The nonprofit news: 501(c)(3) papers couldn't cover politics

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On Tuesday, Senator Benjamin Cardin (D-MD) introduced a bill that would enable newspapers to operate as nonprofit institutions. The "Newspaper Revitalization Act" would give papers 501 (c)(3) status, a tax-exempt classification that is usually reserved for educational organizations.

This move comes on the tail of numerous newspaper bankruptcies and shutterings. Last Tuesday, The Seattle Post-Intelligencer moved its operation online after declining advertising revenues forced it to stop printing a hard copy edition. In April, The Christian Science Monitor plans to follow suit. At the same time, other news organizations, from the Tribune company to McClatchy are struggling with lower advertising revenues and reduced circulation.

While Senator Cardin's solution has some definite short-term strengths, it may have the net effect of saving the patient's body at the cost of its soul. Under the new classification, newspapers would be barred from making political endorsements. As the IRS website states:

All section 501 (c)(3) organizations are absolutely prohibited from directly or indirectly participating in, or intervening in, any political campaign [...] Public statements of position (verbal or written) made on behalf of the organization in favor of or in opposition to any candidate for public office clearly violate the prohibition against political campaign activity.

In our era of permanent campaigning, this would essentially make it impossible for newspapers to do any political reporting. After all, an article that is critical or supportive of Congressman Barney Frank or Senator John McCain could easily be interpreted as an attempt to influence their next elections.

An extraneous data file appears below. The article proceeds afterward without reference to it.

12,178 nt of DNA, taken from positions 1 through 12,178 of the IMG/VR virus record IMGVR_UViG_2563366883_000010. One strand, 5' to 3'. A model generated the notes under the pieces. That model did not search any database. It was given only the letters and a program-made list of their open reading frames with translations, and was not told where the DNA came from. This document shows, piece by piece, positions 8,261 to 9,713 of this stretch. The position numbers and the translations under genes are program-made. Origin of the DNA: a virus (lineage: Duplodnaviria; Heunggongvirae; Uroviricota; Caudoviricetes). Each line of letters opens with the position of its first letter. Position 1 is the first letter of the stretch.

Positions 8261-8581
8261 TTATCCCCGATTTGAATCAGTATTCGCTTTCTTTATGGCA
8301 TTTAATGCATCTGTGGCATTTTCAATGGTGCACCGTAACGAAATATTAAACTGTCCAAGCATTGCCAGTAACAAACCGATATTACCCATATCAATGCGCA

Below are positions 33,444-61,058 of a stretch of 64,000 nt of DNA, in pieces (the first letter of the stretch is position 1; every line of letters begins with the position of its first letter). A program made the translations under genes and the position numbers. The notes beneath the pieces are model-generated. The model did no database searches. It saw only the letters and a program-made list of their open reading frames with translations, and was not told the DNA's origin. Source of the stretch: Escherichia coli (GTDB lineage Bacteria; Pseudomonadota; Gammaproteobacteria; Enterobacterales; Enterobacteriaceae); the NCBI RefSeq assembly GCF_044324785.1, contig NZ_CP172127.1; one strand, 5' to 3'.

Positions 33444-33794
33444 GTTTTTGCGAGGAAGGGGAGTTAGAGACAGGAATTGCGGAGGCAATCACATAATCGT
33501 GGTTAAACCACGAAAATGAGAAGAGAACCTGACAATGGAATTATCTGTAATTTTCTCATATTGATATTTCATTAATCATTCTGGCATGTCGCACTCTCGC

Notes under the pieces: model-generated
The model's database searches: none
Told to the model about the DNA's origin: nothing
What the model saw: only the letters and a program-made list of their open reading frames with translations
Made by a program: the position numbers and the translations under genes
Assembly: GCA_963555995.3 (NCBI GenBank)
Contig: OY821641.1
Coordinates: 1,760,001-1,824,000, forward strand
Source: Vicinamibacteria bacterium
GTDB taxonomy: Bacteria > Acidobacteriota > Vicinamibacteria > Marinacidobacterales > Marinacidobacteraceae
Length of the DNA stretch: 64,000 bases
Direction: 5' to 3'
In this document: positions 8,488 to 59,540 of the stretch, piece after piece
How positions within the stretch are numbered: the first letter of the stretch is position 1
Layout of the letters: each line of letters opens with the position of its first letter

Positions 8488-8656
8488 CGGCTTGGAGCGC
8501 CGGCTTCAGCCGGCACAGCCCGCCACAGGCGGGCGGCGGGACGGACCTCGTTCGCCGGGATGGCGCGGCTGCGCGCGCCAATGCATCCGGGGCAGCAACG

On the surface, the idea of a non-biased news media sounds fantastic. Politicians often argue that the media is tasked with reporting the news, not commenting upon it, and that political perspectives only cloud the issues. In truth, however, every decision underlying news coverage is a political one. When a reporter decides to investigate a governmental assertion, he or she is making a political choice. Every interview that is included in a story helps support a position, and every fact that is omitted does the same.

Reporters are human, which means that they tend to have opinions about the issues that they report. So-called "non-biased reporting," then, becomes an act of concealment, in which the writer tries to hide his or her perspective and pretend that the facts that he or she chooses to muster are the only ones that have a bearing on the issue at hand. This is rarely true, however, and the effort at hiding political bias only renders it dishonest.

Senator Cardin's bill, as it stands, opens the door to endless arguments (and, eventually, legal cases) about the depth of political reporting, the relative length of various articles, and the balance of interviews. While it might save papers, it will ultimately destroy any illusion of a free and independent press. Even if his protections are only extended to local papers, chances are that this bill will end up clogging the courts in years to come.

Ultimately, daily hardcopy newspapers are doomed, which means that any solution will only need to keep paper companies in business until the release of a cheap, effective electronic print reader. With that in mind, it might be a good idea to think about what, exactly, this bill is designed to protect. If the goal is to preserve an independent media, then Congress should probably think about developing a new tax-exempt classification instead of shoe-horning papers into an existent nonprofit class.


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